As our conversation deepened, he revealed to me that he was a member of the United States Marine Corps and had been for five years. In the aftermath of September 11th and the wave of unbridled patriotism that swept the United States with it, his oldest brother, his hero, had enlisted in the Marine Corps. From that day on, Jimmy said, he knew that he would one day become a Marine.
Jimmy detailed his time in boot camp, alluding to drill instructors and friends I had and would never meet with a combination of fondness, nostalgia, and levity that gave way to reverent recollection. I could see, hear, and feel his passion for the path he had chosen.
He was only twenty-three years old but seemed so much older than myself, so much more confident in who he was. Above all else, Jimmy was assured of his purpose in life.
I had never met anyone quite like him before. Most of my friends were graduating from college, yet had little clue what that meant for them or where they wanted to go next. Hell, I had no idea what time it would be when our flight landed, let alone what I wanted my life to look like in one year’s time.
In that moment, I wanted more than anything to understand what it was that so distinctly elevated him above the vast majority of me and my peers. There was something, some sort of abstraction, that had granted him vision and purpose. I knew if I could get my hands on whatever that intangible thing was, I could become master and commander of my destiny.
I asked Jimmy, suddenly more of a man than I had met in my entire life, what was it like to commit yourself to something like the Marine Corps? What did being a Marine mean to him? And, at the end of the day, was it all really worth it?
To this day, I can recall his response with a clarity that very few memories in my life carry.
He leaned back in his chair, closed his eyes, and drew a breath that he held for just a second longer than he normally would. I could see him turning his answer over in his head, carefully weighing the words he was to use to formulate his answer.
Jimmy opened his eyes and spoke.
“Have you ever heard the words Semper Fidelis; ever heard someone say Semper Fi? Do you know what it means?”
Of course I'd heard Semper Fi. I’d seen Gomer Pyle lose his marbles in Full Metal Jacket and watched Jack Nicholson chew scenery in A Few Good Men. I knew it was Latin but that was about the extent of it, I was embarrassed to admit.
"Semper Fidelis,” he explained, “means Always Loyal. See, most folks think that just means pledging loyalty to the Corps. But that ain’t it. Semper Fi is bigger than that. It’s about responsibility. It’s about believing in something -- anything, really -- and owning it. It’s about being a part of something bigger than yourself. It’s about waking up every morning, getting out of bed, and taking responsibility for everything you are and everything you do.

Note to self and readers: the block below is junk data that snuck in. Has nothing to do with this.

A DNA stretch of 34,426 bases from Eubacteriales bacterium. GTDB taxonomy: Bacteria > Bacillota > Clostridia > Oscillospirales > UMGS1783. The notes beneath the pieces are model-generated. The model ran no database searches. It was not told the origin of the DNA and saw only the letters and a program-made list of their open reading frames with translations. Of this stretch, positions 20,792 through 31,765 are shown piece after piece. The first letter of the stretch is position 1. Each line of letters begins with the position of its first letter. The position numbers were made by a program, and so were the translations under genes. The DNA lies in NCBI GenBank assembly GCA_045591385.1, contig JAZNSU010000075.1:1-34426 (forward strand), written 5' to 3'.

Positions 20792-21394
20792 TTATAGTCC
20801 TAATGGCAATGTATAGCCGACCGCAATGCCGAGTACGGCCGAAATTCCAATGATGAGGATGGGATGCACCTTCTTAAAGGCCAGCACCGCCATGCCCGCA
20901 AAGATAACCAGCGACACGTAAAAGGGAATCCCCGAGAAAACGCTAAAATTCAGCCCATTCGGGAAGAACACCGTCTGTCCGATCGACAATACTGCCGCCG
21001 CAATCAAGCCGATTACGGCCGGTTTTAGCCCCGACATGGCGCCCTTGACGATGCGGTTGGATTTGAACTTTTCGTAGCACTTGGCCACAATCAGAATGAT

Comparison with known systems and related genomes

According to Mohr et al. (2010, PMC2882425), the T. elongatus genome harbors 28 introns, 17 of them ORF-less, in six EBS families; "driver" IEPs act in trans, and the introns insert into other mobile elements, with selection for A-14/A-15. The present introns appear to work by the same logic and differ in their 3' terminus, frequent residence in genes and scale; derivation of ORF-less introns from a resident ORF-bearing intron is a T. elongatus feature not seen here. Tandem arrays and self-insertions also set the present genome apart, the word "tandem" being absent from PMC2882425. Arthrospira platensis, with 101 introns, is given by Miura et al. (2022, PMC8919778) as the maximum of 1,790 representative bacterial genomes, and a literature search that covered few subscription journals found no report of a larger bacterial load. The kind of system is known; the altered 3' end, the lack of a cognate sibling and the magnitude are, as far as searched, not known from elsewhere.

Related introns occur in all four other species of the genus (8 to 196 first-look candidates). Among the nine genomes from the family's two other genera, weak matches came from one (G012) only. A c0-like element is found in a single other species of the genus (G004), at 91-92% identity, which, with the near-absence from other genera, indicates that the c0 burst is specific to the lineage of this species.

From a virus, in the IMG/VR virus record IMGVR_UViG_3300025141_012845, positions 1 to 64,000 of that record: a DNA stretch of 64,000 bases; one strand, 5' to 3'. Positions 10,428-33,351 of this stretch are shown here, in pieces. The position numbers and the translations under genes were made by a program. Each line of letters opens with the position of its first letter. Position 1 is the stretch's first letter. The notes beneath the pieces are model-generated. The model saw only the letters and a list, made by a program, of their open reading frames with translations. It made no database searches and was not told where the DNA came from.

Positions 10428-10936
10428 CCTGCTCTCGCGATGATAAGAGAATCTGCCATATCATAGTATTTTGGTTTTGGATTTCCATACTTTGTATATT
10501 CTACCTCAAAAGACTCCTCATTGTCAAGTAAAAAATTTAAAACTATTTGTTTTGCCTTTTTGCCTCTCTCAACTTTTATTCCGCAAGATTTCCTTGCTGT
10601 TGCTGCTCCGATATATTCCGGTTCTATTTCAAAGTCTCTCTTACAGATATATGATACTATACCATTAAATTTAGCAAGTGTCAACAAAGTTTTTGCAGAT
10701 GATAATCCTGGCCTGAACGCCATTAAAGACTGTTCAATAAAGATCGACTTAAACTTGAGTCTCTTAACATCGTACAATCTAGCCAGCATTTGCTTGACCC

“Always Loyal, man. Always Loyal to yourself, to those you love, to those you really owe it to. It’s no longer up to anybody but you to be you. Look out your window. This world of our’s is one hell of a big place and it ain't getting any smaller. There’s barely any room for you to be you out there. The day I figured that out was the day I had to become a man. When you figure that out, it makes everything you have to do one helluva lot easier to do.
“So, yeah, to answer your question. It’s all worth it. The Corps made me the man I am today and I’m pretty happy with the guy I see in the mirror.”
I sat in silence, digesting the knowledge Jimmy has just imparted. I came to think of how selfish I had been, how ungrateful I was in spite of the once-in-a-lifetime opportunity I was flying into. Over the course of the next few hours on that airplane, I completely reconsidered my outlook on the coming months and years of my life. I was ready to take responsibility for myself, to be a man.
We would go on to chat casually throughout the remainder of the flight, although we’d never again broach anything as personal or philosophical as what we had discussed before.
When our flight touched down in Rome we deplaned, said goodbye, and parted ways. I would go on to live out the single greatest experience of my life in that Eternal City over the next couple months. In retrospect, I’m sure that I wouldn't have approached and enjoyed my time in Italy like I did if not for a chance encounter with a Marine.
In nine hours time, a Marine probably names James taught me more about life and what it meant to truly mature than I had gleaned in the twenty-one years prior. What he had learned from and about his military service was that it wasn't about being able to shoot a gun or the number of push-ups he could do or how fast he could run a mile with forty pounds strapped on him; it’s about how you accept and deal with the sum of all the responsibilities that steadily add up over the course of your life. The Marine Corps gave Jimmy the tools to accept and deal with responsibility and Jimmy gave me the vision to see that I needed develop some tools of my own.
Look, I’ve never been exceptionally good at saying thank you, especially when I really mean it. But I’m working on it. So, in a long-winded and roundabout way, this is my thank you to all of our Armed Forces, active and retired, your families, and the institutions that continue to educate and cultivate men and women held to a higher standard. Thank you, not only for protecting, serving, and putting yourself in harm’s way for the sake of our well-being, but for being the higher standard we all should aspire to meet.
Thank you, James Something. Thank you, Troops. Thank you for representing the best in all of us who live under the Red, White, and Blue.
In what I can only describe as doing our little part to give back and say thank you to our troops, here’s a list of some 230+ Military discounts and deals.
Among some of my favorite are: